published Wednesday, February 9th, 2011

Tennessee Legislature getting public TV coverage this year

NASHVILLE, Tenn. — Proceedings of the state Senate and House of Representatives will be broadcast statewide for the first time this year on Public Television's "Tennessee Channel."

The gavel-to-gavel broadcast will include live and taped-delayed committee meetings, floor sessions, joint conventions and other items.

The General Assembly will be responsible for feeding the broadcast of the sessions to the Tennessee Channel. It will then run through the state's six public television stations.

They are WCTE/Cookeville; WTCI/Chattanooga; East Tennessee PBS WKOP/Knoxville and WETP/Sneedville; WLJT/Martin; WKNO/Memphis; and WNPT/Nashville.

"This is rare around the country," Russell Humphrey, chief clerk of the Senate, said Wednesday. "We're one of only a few states to do this."

Up to 60 hours a week will be broadcast depending on the amount of work done by the legislators. Tape-delayed sessions will be broadcast on the day they are taped.

Live broadcasts will alternate between the House and Senate depending on which one has a floor session.

Some fragmented sessions have been broadcast previously but with a week's delay.

People can check with their local public television station for the weekly schedule.

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jpo3136 said...

An excellent opportunity for our people to stay informed. Let's allow prisoners to be able to tune in to this channel so that they can watch something worthwhile during their incarcerations.

It is good that we are not relying solely on Microsoft, the owner of Comcast, to broadcast our government meetings. With more Chattanoogans tuning in to antenna broadcasts or switching over to other providers like EPB, we should present these proceedings in real time through media we all can watch.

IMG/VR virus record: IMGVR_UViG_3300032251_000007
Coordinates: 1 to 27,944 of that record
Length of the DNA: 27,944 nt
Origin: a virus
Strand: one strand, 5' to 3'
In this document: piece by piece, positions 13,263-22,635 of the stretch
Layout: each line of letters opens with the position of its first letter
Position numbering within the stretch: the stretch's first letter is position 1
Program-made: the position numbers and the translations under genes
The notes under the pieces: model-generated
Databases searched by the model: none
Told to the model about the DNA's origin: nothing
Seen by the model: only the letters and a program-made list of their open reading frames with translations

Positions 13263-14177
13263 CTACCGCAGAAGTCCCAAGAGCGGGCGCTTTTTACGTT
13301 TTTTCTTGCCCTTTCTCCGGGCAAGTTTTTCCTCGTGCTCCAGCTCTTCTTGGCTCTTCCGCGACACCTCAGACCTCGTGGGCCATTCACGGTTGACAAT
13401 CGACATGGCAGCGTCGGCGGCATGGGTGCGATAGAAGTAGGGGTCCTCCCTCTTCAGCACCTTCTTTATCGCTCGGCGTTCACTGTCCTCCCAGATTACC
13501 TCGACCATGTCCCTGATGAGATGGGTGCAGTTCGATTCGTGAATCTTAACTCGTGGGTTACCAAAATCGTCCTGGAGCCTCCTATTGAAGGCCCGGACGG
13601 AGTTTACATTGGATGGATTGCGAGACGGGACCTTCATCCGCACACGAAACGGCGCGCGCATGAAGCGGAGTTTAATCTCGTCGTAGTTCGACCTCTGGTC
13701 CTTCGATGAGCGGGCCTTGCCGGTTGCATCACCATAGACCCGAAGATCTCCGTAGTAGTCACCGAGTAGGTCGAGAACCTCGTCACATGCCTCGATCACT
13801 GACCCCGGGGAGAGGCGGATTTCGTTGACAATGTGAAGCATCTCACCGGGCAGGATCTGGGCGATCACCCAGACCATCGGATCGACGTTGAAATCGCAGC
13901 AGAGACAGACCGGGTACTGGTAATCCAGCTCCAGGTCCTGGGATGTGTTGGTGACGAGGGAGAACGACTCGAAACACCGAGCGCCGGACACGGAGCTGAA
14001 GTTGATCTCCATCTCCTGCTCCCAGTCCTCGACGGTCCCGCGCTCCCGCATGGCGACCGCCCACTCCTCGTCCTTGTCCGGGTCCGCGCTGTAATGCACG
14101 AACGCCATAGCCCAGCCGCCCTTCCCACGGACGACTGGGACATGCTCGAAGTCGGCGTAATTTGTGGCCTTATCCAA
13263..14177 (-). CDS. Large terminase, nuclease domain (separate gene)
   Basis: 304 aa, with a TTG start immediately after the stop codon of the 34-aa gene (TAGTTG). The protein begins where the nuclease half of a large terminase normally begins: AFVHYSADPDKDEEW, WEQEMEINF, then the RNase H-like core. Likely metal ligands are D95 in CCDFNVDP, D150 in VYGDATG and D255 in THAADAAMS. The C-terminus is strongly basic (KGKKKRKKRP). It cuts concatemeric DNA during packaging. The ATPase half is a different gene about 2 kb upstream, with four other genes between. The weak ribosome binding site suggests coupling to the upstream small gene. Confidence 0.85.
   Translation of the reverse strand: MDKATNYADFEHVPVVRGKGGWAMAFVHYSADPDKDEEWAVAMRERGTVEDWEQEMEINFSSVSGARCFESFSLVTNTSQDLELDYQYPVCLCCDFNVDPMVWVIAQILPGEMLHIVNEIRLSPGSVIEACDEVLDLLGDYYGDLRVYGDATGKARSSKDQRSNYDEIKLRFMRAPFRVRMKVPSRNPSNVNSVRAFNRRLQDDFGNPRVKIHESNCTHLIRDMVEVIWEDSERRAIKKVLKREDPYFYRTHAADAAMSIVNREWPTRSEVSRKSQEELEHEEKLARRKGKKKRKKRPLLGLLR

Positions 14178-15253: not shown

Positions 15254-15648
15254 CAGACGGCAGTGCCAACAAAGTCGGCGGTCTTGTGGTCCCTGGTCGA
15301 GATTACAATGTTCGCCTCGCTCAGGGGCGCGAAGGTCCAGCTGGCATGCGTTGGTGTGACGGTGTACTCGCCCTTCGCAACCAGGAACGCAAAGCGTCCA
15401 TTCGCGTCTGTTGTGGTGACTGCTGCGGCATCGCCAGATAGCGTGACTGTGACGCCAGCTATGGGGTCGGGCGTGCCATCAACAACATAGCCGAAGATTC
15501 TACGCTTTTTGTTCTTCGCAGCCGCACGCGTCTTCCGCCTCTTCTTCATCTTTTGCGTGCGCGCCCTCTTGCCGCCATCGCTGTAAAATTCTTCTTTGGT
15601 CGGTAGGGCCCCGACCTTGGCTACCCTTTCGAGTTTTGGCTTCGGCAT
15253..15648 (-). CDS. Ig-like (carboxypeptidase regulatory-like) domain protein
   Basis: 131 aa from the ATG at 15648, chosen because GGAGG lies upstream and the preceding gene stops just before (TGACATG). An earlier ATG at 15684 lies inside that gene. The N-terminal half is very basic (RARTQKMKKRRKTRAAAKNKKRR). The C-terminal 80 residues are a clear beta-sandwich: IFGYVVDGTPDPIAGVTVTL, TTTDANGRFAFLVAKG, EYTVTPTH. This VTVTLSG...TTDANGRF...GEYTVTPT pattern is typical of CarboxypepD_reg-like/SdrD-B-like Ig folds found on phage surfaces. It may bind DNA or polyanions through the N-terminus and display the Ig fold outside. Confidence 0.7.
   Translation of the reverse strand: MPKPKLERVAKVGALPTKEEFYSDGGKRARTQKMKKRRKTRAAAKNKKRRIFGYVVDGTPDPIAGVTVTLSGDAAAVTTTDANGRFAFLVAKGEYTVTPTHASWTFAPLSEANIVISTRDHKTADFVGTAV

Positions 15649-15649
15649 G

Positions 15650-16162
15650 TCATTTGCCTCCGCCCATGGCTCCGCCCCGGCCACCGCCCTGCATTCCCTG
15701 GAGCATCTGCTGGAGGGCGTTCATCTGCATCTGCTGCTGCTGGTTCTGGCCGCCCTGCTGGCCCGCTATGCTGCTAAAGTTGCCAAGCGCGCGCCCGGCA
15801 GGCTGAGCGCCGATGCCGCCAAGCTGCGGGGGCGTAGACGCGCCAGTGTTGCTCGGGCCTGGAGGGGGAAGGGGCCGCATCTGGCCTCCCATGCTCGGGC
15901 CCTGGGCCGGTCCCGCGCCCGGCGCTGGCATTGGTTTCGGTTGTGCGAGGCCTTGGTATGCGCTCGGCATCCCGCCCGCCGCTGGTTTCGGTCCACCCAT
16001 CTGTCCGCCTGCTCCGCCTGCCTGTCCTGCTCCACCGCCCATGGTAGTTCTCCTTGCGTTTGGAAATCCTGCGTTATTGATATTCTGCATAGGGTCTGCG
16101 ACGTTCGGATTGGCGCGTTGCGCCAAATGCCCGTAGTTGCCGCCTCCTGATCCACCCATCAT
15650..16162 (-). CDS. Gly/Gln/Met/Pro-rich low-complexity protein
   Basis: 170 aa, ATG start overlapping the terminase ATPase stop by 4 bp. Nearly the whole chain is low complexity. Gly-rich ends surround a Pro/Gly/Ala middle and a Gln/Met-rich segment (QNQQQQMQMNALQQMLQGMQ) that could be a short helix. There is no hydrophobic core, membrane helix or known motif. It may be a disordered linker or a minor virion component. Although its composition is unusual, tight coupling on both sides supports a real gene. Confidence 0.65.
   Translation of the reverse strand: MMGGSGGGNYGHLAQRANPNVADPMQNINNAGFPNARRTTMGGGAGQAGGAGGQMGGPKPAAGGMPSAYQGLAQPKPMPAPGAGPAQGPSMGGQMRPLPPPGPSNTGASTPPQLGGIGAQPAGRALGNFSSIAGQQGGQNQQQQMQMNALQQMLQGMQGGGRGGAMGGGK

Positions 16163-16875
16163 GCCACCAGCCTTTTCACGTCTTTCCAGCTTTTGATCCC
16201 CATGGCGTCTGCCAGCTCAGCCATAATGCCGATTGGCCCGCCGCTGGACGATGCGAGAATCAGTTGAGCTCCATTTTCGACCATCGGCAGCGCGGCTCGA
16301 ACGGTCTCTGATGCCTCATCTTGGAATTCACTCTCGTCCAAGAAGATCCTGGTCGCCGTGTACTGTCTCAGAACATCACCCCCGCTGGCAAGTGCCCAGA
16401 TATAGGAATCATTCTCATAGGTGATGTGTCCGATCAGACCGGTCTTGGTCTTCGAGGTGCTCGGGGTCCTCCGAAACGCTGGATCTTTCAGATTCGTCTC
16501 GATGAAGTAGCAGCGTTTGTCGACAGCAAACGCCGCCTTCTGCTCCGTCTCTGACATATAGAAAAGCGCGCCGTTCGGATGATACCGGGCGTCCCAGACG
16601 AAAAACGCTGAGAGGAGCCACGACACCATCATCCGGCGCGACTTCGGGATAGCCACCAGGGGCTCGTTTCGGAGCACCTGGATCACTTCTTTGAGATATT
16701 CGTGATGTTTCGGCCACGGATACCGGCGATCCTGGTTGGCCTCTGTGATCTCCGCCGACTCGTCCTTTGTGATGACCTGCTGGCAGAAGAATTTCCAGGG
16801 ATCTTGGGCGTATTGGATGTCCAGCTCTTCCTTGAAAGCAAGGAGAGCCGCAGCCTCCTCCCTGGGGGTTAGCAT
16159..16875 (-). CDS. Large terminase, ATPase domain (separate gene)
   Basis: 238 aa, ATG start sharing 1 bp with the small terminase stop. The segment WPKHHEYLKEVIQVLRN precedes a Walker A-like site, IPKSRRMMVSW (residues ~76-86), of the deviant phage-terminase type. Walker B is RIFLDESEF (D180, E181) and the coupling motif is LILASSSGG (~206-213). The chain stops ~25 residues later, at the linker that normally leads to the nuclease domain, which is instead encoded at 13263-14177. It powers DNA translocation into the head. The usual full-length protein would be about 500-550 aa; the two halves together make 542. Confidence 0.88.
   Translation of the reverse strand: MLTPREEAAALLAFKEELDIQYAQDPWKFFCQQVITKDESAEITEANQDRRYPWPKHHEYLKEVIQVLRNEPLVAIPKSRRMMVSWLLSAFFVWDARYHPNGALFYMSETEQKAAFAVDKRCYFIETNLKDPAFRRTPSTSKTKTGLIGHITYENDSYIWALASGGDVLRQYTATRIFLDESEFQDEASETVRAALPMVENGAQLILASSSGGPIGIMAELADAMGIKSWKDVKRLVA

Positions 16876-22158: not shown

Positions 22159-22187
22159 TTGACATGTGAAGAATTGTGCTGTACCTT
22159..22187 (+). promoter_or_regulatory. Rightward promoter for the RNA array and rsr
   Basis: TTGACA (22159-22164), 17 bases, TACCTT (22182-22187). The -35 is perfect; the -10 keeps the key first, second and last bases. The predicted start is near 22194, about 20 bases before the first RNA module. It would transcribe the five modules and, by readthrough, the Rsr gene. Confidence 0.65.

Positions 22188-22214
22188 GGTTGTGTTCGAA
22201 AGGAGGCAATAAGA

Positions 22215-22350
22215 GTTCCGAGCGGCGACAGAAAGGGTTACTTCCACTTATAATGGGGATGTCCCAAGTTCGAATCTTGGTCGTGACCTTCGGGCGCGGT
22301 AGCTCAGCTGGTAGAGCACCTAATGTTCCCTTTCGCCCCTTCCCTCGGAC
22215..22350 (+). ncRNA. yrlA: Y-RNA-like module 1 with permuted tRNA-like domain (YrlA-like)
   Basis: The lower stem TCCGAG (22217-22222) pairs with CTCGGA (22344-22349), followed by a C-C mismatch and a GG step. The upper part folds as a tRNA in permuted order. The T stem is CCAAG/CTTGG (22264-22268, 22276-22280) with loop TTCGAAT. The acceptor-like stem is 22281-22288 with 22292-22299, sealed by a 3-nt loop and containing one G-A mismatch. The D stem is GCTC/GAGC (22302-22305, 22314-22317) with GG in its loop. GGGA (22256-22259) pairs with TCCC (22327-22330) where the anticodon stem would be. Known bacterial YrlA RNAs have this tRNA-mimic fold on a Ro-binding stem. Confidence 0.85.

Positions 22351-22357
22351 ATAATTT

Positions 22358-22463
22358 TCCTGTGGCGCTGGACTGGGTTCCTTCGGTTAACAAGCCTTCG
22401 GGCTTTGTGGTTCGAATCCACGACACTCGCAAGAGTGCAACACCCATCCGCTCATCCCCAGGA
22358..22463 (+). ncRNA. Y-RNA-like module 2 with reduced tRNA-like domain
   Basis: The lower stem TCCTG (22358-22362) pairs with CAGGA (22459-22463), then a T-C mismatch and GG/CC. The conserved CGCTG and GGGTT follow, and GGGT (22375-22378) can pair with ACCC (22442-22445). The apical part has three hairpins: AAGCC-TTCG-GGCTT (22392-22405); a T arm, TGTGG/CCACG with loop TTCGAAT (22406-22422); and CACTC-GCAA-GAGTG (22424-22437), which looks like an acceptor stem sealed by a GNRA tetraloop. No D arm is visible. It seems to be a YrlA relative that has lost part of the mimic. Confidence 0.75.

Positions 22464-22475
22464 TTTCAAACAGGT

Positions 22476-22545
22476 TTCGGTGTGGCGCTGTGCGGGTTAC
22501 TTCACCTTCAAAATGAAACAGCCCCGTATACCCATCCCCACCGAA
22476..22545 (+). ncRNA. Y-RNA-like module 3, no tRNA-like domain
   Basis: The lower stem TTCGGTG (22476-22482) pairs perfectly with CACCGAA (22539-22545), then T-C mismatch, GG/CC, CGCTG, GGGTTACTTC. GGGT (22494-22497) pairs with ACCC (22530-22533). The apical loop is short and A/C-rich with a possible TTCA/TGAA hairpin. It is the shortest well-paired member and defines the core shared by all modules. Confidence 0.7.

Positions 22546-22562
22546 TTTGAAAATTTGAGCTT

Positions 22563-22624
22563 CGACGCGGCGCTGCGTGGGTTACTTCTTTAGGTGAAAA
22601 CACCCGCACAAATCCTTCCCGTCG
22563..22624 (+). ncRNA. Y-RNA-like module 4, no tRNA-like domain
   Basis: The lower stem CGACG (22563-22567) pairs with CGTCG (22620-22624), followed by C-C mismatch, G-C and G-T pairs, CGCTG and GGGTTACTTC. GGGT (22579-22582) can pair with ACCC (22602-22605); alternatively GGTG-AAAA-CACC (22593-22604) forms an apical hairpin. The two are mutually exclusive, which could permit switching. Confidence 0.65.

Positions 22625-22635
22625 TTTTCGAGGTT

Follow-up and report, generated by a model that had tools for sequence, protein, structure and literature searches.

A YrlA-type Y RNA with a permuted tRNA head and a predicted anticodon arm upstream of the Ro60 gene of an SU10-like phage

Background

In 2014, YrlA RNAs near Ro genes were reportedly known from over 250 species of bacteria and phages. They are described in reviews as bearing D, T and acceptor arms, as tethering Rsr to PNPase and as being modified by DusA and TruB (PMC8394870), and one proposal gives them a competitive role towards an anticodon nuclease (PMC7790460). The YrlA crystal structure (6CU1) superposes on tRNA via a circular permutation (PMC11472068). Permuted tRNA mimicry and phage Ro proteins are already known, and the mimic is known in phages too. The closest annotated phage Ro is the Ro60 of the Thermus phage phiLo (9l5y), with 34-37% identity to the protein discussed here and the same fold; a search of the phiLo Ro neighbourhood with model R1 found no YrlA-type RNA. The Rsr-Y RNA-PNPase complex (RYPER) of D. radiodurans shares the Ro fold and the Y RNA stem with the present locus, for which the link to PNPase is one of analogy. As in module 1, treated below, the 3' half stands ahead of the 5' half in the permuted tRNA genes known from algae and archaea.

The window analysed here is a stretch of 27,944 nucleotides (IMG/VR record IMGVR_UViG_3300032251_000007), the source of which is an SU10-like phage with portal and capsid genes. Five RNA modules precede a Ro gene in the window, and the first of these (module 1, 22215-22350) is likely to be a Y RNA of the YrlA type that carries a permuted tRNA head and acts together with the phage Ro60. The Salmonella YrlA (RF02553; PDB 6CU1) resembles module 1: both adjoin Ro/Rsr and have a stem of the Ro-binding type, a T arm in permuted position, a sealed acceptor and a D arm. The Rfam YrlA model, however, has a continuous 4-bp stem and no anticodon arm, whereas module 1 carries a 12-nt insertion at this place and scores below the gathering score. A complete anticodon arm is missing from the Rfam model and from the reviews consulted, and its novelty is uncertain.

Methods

We have no worries that this will impede early morning cartoons and kids shows, as the Legislators themselves keep banker's hours.

Also, this should free up a great deal of funding to promote PBS' "Frontline" an award winning documentary series. Maybe we will see more of "NOVA", "Nature", "Independent Lens", "Charlie Rose", and perhaps more foreign and unrated art films.

This is also a good time for taxpayers, under Republican leadership, to redouble their commitment to studio and transmission equipment.

Poor, sagging budgets for PBS statewide have led to cheap imaging equipment that inadvertently broadcasts politicians with a white balance margin of error near 1500K. This means that TV stations who are underfunded, through no fault of their own technicians, might accidentally rebroadcast politician's images at the wrong color temperature.

The effect is that instead of looking bronzed and svelte like JFK, they come off looking pasty faced and sweaty, like Nixon.

The only way to cure that problem is to provide PBS with more funding to purchase those degrees Kelvin needed to heat up the final image.

It's funding I'm confident that Governor Haslam can't wait to spend. If his image were rebroadcast as cheaply as possible by PBS, he would probably have a grainy appearance and a slightly blue tinge to the recording.

We want him to look good, but it would mean doubling Big Bird's budget. Go, Big Bird!

Support PBS.

February 9, 2011 at 10:45 p.m.
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